What a beautiful island! Rich in culinary history, as one of its many accomplishments, it’s also sometimes known as God’s Kitchen. Certainly if you wander round the streets it is likely you too will draw the same conclusion and marvel at the variety and ingenuity of the snacks on offer.
Sicily, you will come across a speciality. In Palermo it’s Cassata; in Ragusu enjoy Arancine fried rice balls usually filled with ragù (meat sauce), tomato sauce, mozzarella, and/or peas, and then coated in bread crumbs. But around every street corner there will always be another delicacy to savour, fusing deeply held tradition with spontaneity and a twist of modernity.
Who needs a swanky urban restaurant when each course can be eaten in the open air and you can actually see what is being offered before you make a tempting choice? Take a culinary journey through Sicilian streets and if you have a sweet tooth, alas my downfall (well, amongst others!) and you will revel in the confections peppered with almonds, apricots, citrus and masses of sugar in its varied forms.
Arab influence abounds; some habits die hard it seems, as the Arabs dominated Sicily a whole 10 centuries ago! Still, if something works why change it?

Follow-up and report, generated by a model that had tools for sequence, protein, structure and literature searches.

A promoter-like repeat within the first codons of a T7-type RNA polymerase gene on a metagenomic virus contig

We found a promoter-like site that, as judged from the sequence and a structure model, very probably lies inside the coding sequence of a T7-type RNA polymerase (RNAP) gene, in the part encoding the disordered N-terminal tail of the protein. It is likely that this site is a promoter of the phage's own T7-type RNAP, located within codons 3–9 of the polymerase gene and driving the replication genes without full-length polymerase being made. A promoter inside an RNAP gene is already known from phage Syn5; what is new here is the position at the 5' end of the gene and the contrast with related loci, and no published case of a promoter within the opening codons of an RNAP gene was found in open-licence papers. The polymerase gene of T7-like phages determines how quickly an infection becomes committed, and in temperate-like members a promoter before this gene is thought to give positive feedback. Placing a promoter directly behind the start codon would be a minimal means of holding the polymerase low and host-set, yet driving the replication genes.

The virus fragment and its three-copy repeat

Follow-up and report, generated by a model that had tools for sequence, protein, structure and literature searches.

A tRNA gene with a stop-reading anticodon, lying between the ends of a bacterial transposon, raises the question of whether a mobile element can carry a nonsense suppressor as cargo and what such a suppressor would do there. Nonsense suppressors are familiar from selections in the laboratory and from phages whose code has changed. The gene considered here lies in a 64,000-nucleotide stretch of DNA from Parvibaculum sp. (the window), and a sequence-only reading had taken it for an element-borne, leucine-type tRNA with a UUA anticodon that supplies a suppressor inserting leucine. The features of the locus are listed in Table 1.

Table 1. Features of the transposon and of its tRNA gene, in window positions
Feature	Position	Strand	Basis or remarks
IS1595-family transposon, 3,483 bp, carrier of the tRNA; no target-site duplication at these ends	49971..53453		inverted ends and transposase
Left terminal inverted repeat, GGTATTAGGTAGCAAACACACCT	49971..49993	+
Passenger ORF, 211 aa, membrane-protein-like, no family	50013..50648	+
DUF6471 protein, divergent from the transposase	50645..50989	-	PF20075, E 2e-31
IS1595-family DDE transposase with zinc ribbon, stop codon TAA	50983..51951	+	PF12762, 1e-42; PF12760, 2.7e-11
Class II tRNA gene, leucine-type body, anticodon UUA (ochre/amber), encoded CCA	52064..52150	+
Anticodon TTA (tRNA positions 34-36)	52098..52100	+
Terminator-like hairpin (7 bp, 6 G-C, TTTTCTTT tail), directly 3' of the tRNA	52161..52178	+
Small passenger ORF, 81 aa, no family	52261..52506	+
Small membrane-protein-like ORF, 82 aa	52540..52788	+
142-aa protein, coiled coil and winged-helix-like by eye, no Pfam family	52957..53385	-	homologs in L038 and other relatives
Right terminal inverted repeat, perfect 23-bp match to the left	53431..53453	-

These eastern influences can be seen in the use of rice, saffron, cinnamon, nutmeg, cloves and pepper and pine nuts of course. It’s a paradise for anyone who has an addiction to spice, nuts and fruit and these are all evident as you meander through the maze of small streets.
Of course, if you are health conscious then Sicily is also known for its use of healthy ingredients and you will always find a rainbow of vegetable colours and fibre present in the various pulses used. It’s a hearty and robust cuisine which utilises the very best from soil and sea and if you like fish then Sicily will offer everything from cuttlefish to tuna, sardines to swordfish.
So why not start off with Guasteddi – oh yes, fresh rolls stuffed with ribbons of calf's spleen, then layered Ricotta cheese, strands of Caciocavallo and a quick drizzle of hot lard. Ha ha! Then wander through The Vucciria alleys and experience one of the notable food markets around the Mediterranean. Even on the street there seems to be a strict order for doing things, Sicilians are seemingly in love with ritual even al fresco!
So, experience Buffitieri - as the name suggests - delicacies to be consumed on the spot, maybe Pane e pannelle or chickpea fritters, so you can reserve a sugar hit for later. Later might mean Sfincione (an oily pizza smothered in onions and caciocavallo cheese) or, wait for it, Stigghiola or goat intestines filled with parsley, onions and cheese! Bread stuffed with beef spleen is another tasty addition to the street menu. Vegetarians might need to look away.
New Year break in Sicily before everyone else has the same idea and places are snapped up. I mean, how frustrating knowing you might be eating left over mince pies and the very last of that slightly desiccated turkey right into the New Year instead of wandering through a foodie heaven!